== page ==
Thursday, April 14, 2016

Exploring Cozumel

During the last leg of our 2016 Flower Power Cruise, we docked in Cozumel, an island in the Caribbean off the eastern coast of Mexico's Yucatan Peninsula. To make the most of the few hours available, we purchased "The Best of Cozumel" tour package from the cruise line and hit the ground running. 

Duty-free shops offering liquor, jewelry and souvenirs were directly located at the end of the pier and we took a few minutes to browse among the many selections before climbing aboard a van that whisked us away to our first stop, "Discover Mexico." 

A visit to "Discover Mexico" starts with a short film portraying the Mexican people, their culture, crafts and countryside. Afterwards, visitors stroll through a small arts and crafts museum. This particular sculpture is known as a "Tree of Life." Such modeled clay sculptures originated in the colonial period as a way for Spanish friars to teach the biblical story of creation to the native population. They later included non-biblical representations. This one is covered in Monarch butterflies, which are known for their annual winter migration to a remote spot in Mexico. 
folkart
"Tree of Life"
Seen here is sand art titled "Our Lady of Guadalupe" and an attractive folk art trunk.

Our Lady of Guadalupe Sand Sculpture

Mexican folk art
Folk art trunk
As we made our way outside to the park and walked the grounds, we encountered miniature representations of various Mexican landmarks, like the Great Pyramid of Cholula. Located four miles west of Puebla, it is the largest man-made structure in the world by volume. Dating back to 300 BC, the structure was built in six stages, with the Oto-Manguean as the original architects. In 600 AD, the Oto-Manguean were conquered by the Olmeca-Xicallana, who added another layer to the pyramid. Between 900 and 1300 AD, they, too, were conquered and the Toltecs added more layers. Finally, when the Aztecs conquered the city, the inhabitants fled and it fell into ruin.  

When archaeologists tunneled into the the pyramid, they discovered the remains of 400 sacrificial victims, many of whom were children of both sexes.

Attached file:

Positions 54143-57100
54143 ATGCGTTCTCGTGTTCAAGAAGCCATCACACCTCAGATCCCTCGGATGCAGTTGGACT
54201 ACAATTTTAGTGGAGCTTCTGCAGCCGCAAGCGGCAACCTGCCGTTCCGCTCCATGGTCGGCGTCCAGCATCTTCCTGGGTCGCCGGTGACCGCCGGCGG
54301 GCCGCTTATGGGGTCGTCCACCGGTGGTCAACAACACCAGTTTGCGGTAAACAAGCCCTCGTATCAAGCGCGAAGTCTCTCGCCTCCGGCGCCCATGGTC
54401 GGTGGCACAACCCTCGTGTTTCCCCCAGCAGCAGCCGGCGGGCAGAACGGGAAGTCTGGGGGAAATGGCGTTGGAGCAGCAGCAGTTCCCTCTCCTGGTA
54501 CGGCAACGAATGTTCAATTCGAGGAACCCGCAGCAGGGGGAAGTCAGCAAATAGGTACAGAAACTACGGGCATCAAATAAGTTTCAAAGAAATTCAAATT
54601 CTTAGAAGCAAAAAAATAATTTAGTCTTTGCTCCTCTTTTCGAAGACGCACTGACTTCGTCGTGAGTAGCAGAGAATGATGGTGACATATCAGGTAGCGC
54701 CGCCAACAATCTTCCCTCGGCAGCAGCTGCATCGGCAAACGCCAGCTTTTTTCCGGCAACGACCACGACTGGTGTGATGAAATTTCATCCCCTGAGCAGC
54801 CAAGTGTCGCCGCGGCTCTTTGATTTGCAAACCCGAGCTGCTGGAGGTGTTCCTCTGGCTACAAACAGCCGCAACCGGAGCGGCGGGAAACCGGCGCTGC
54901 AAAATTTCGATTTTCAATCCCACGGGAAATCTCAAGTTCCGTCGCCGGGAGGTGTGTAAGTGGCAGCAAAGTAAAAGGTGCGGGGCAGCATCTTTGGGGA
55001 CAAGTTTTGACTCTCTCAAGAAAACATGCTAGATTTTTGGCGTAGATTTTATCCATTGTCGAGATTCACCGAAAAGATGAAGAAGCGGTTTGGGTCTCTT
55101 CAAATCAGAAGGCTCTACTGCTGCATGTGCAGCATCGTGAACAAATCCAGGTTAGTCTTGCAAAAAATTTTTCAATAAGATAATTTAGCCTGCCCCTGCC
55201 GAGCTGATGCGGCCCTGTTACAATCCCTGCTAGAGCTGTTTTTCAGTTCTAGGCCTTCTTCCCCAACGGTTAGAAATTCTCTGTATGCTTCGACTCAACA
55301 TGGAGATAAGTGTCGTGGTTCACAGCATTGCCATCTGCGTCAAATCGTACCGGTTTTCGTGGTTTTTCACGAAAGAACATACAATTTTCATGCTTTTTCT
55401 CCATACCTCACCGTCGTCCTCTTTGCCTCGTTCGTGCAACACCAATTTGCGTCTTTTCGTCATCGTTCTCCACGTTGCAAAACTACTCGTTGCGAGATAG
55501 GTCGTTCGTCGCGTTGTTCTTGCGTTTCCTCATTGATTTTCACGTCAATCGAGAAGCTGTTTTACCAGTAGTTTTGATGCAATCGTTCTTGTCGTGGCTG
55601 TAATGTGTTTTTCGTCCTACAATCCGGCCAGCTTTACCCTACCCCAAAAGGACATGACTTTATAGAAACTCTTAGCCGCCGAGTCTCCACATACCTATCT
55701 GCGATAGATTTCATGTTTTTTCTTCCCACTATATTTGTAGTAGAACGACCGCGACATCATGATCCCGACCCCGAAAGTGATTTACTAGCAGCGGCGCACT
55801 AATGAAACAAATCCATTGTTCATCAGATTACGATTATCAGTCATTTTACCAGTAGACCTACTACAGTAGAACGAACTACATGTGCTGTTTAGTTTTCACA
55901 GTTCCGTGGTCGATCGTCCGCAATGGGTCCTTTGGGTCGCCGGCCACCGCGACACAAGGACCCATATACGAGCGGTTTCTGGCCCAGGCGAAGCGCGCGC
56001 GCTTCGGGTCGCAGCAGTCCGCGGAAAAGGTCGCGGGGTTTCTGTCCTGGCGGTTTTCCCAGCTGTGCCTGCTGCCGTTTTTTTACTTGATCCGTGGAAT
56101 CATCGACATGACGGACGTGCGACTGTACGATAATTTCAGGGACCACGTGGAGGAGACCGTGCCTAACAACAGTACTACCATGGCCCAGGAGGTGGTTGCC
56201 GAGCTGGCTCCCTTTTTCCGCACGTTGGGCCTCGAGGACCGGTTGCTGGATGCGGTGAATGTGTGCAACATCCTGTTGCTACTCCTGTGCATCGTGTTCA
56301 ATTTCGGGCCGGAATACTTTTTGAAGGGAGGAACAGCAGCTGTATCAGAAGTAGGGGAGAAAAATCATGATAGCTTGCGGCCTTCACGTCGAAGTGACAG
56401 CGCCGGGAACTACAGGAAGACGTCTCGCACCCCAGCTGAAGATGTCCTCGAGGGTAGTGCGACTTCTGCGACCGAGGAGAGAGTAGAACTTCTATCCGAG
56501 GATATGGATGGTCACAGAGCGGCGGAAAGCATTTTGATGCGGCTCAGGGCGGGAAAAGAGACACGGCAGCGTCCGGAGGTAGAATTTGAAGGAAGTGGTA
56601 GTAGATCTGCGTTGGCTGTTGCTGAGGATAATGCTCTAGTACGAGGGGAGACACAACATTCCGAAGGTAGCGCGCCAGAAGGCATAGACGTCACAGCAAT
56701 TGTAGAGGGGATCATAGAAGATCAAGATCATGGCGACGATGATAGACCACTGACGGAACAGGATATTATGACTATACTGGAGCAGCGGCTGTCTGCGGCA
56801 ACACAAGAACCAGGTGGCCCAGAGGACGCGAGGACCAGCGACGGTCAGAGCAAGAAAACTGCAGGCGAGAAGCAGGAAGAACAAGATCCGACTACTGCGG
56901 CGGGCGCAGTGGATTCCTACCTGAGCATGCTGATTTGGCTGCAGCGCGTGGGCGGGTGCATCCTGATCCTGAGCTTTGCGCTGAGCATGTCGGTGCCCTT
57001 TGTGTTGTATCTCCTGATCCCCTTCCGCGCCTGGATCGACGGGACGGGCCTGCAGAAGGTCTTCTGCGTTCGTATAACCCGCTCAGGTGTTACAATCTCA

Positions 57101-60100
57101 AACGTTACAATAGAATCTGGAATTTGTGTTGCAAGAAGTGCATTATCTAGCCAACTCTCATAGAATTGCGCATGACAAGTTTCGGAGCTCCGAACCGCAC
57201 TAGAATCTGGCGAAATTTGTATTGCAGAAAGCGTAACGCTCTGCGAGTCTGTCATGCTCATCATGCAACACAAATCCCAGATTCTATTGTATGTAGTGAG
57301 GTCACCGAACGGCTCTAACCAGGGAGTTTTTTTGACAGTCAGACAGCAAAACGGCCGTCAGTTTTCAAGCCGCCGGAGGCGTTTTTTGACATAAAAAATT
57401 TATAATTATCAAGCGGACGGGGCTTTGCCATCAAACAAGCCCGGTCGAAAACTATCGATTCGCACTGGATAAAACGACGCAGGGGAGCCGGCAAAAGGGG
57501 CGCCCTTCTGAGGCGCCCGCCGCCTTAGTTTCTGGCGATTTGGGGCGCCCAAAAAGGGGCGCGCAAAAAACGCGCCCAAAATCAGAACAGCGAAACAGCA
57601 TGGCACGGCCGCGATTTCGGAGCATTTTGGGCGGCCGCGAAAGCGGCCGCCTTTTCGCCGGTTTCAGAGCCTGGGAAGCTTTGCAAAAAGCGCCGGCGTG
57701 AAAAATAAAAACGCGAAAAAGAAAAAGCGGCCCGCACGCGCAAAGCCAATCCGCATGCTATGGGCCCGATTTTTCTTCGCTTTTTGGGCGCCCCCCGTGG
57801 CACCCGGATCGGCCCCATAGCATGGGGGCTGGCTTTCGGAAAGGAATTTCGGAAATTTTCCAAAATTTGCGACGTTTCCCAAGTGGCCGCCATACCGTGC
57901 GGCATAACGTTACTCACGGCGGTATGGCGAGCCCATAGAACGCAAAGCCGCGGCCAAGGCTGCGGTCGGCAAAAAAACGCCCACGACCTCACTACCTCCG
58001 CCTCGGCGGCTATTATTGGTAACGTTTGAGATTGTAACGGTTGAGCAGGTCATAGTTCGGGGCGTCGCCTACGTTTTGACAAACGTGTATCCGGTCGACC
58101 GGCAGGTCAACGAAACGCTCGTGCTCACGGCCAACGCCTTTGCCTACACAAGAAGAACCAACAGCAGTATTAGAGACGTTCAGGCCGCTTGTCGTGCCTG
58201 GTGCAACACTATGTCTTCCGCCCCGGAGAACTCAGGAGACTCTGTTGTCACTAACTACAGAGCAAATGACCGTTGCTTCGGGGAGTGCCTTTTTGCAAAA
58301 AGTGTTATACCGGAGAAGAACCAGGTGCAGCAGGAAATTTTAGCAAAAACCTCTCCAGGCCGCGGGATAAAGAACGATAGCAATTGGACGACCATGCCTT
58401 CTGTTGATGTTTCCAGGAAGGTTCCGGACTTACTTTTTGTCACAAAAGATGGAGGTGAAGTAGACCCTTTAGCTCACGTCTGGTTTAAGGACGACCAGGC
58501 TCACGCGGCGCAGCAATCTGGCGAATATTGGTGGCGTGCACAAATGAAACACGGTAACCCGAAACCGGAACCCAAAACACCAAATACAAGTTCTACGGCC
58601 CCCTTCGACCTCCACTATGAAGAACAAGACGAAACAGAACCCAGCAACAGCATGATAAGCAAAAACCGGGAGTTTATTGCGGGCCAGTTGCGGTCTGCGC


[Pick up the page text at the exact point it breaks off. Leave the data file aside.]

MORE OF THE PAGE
The Great Pyramid of Cholula

Another miniature site included Palenque's Temple of the Inscriptions. Founded around 2,200 years ago, the pre-Columbian city of Palenque is located in the Mexican state of Chiapas. The Temple of the Inscriptions was built as a tomb for K'inich Janaab' who was known as one of the city's great leaders. It is said to be decorated with some of the most detailed inscriptions in Mayan glyphs ever discovered, giving an account of rulers and their accomplishments.
Palenque's Temple of the Inscriptions
The old village of Miguel de Xamancab
This gentleman was making customized bracelets with thread in record time at the park.
After viewing to-scale replicas, we were treated to this daredevil exhibition before boarding the van to the Mayan Cacao Company. (The full video can be seen on the Cheese Plates and Room Service Facebook site since blogger wouldn't allow it here.)
The "Discover Mexico" park tour finale.

At the Mayan Cacao Company we learned a little more about the history of chocolate and its roots in  the Mayan culture. Afterwards, we participated in a chocolate tasting and were served an authentic mole on a tortilla crafted onsite. My husband, meanwhile, sneaked off to snap pictures of birds he discovered on the property.